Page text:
3 siblings, 3 replies; 28+ messages in thread
From: Mikael Magnusson @ 2021-04-07 18:15 UTC (permalink / raw)
  To: Marlon; +Cc: Zsh hackers list

On 4/7/21, Marlon <marlon.richert@gmail.com> wrote:
>
>> On 5. Apr 2021, at 22.44, Mikael Magnusson <mikachu@gmail.com> wrote:
>>
>> On 4/5/21, Marlon Richert <marlon.richert@gmail.com> wrote:
>>> #
>>> # Type `zrestart` to safely apply changes after editing this file.
>>> #
>>> zrestart() {
>>>  local zshrc=${ZDOTDIR:-$HOME}/.zshrc
>>>  print -P "Validating %U$zshrc%u..."
>>>  zsh -nf $zshrc ||
>>>    return
>>>
>>>  print -P 'Restarting Zsh...'
>>>  zsh -l &&
>>>    exit
>>> }
>>
>> This could be an autoloadable function, not pasted verbatim in .zshrc.
>> Also disagree with -l here. You can use $options[login] or $- to see
>> if you're in a login shell already and start same. Things like this we
>> can't fix after users already copy this config. It should try to
>> mostly be configuration, not helper functions that can have permanent
>> flaws once installed.
>
> Sure, I can move it to an autoloadable function. That’s fine by me. I did
> not come up with the -l, though. Earlier in the thread, Oliver & Bart didn’t
> like using `exec zsh` and offered this instead. See
> [48031](https://www.zsh.org/mla/workers/2021/msg00244.html). I’d be happy to
> change it, but I don’t know how they feel about it.

You could also just have a comment saying something to the effect of
"changes to this file will only take effect in new shells, you can
either open a new terminal or type "zsh" in an existing terminal". I
guess I don't care too much either way after all.

>>> setopt EXTENDED_HISTORY         # Save each command's time & duration to
>>> history.
>>> setopt INC_APPEND_HISTORY_TIME  # Save history whenever a command
>>> finishes, not just on shell exit.
>>> setopt HIST_EXPIRE_DUPS_FIRST   # Delete duplicate history lines first,
>>> when running out of space.
>>> setopt HIST_IGNORE_DUPS         # Don't store last command line if
>>> identical to previous one.
>>
>> ok, I don't agree with the dups settings but they're changeable easily.
>
> Personally, I would’ve preferred `setopt HIST_IGNORE_ALL_DUPS
> SHARE_HISTORY`, but there were several votes against that earlier in this
> thread.

I'm glad, those are even worse :).

>>> # Up/Down: Cycle through history lines that start with same word as
>>> command line.
>>> zle -A up-line-or-{search,history}
>>> zle -A down-line-or-{search,history}
>>
>> These two lines don't actually bind any keys, but the comment claims they
>> do.
>
> They change the default widgets bound to up/down, which makes for more
> elegant code, since we don’t have to deal with app vs raw mode.

Ah, I didn't realize that's what you did because the {,} stuff makes
it way too hard to understand at a glance. What you're doing is in
fact making it impossible (unless the new user knows about .widgets)
for the user to bind up-line-or-search to any other key, without first
hunting down and deleting these two lines. I don't like it... Overall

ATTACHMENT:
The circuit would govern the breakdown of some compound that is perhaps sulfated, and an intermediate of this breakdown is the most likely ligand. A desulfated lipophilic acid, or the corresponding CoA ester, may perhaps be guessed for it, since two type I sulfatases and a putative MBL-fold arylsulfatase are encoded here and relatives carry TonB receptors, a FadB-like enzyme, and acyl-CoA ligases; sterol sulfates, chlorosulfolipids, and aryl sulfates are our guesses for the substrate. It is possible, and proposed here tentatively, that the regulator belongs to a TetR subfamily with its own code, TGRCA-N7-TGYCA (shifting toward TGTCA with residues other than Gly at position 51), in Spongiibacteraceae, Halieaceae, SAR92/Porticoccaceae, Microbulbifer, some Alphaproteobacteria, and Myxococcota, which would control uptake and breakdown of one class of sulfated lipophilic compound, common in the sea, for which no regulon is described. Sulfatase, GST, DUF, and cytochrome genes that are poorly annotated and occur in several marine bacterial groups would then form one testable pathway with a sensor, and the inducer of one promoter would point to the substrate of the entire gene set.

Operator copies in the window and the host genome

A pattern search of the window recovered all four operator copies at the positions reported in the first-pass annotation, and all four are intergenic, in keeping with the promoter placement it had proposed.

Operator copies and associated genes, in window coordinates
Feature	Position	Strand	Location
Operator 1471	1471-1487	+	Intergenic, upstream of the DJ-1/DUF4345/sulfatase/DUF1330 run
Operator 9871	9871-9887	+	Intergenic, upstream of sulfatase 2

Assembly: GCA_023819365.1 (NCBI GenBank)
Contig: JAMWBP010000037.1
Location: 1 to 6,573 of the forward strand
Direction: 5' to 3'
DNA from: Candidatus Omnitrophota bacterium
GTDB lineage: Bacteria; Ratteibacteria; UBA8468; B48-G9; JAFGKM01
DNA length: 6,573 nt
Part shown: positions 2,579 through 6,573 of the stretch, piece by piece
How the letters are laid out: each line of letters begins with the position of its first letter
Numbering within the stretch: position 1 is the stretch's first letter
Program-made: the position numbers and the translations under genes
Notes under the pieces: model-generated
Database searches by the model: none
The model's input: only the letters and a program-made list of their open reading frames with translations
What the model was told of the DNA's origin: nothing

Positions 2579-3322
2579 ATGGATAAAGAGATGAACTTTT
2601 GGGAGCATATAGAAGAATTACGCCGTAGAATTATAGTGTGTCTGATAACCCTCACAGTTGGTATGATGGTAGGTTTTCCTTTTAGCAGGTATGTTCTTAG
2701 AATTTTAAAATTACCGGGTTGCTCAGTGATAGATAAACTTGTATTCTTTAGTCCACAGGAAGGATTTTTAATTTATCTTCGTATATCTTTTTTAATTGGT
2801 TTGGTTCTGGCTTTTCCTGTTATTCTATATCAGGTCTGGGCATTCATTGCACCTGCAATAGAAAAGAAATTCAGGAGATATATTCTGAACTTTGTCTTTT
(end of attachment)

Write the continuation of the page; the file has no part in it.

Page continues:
I would say you should get rid of all brace expansions.

[snipped delete]

>>> # Tab/Shift-Tab: Start type-ahead completion.
>>> #   * Tab:        Insert substring shown by `interactive:
>>> <prefix>[]<suffix>`.
>>> #   * Shift-Tab:  Accept selection & start next completion.
>>
>> Would never expect shift-tab to do anything else than reverse order
>> completion.
>
> I would expect Tab to insert the current selection, not insert an
> “unambiguous” prefix or _just do nothing_ when such a prefix doesn’t exist.
> However, I don’t want to override the defaults when I can avoid it. So,
> that’s why I added Backtab to do what, since that actually doesn’t have any
> function by default; not in the ZLE and not in complist’s `interactive`
> mode.
>
> Also, in complist’s `interactive` mode, Tab does _not_ cycle forward, but
> inserts “unambiguous". Ergo, in this context, I would _not_ expect to
> Backtab to cycle backwards.

tab will insert the unambiguous part, and then start cycling
(depending on your setopts, this takes anywhere from 0 to 4 or so tab
presses).

>>> #   * Arrow keys: Change selection.
>>> #   * Enter:      Accept selection & stop completing.
>>> zstyle ':completion:(|reverse-)menu-complete:*:default' menu yes select
>>> interactive
>>
>> I don't agree with enabling menu selection by default, but maybe just
>> because I hate menu selection... It should at any rate be made clearer
>> how to disable it (in all places).
>
> `interactive` means it’s not actual menu selection, though. Instead, it
> enables type-ahead completion, which is an extremely useful complist
> feature.

Well, I'd have the same objection to either of them, that it's quite a
huge departure from the standard mode of operation which is typing
normally and pressing tab to complete words.

>>> bindkey "$key[Tab]" menu-complete
>>> zle -C {,.}menu-complete _generic
>>> bindkey "$key[Backtab]" reverse-menu-complete
>>> zle -C {,.}reverse-menu-complete _generic
>>
>> I don't think that a "newbie friendly .zshrc" is the place to start
>> changing the default handler of completion widgets. Also all of these
>> {,.} everywhere should probably have some explanatory comment, it's
>> not obvious what those lines are even for (I know, of course, but I
>> had to think about it... So probably not obvious to a newbie).
>
> Sadly, without using _generic, it’s not possible to enable or disable menu
> selection on an individual widget basis. That’s why I filed
> [48194](https://www.zsh.org/mla/workers/2021/msg00407.html). I, too, would
> prefer this code not to go into the .zshrc file.

Would also be resolved by not enabling menu selection :).

>>> bindkey -M menuselect -s "$key[Backtab]" "$key[Return]$key[Tab]"
>>
>> How is this different from ^[a (eg, accept-and-hold) in menu selection?
>
> accept-and-hold doesn’t work correctly with, for example, directory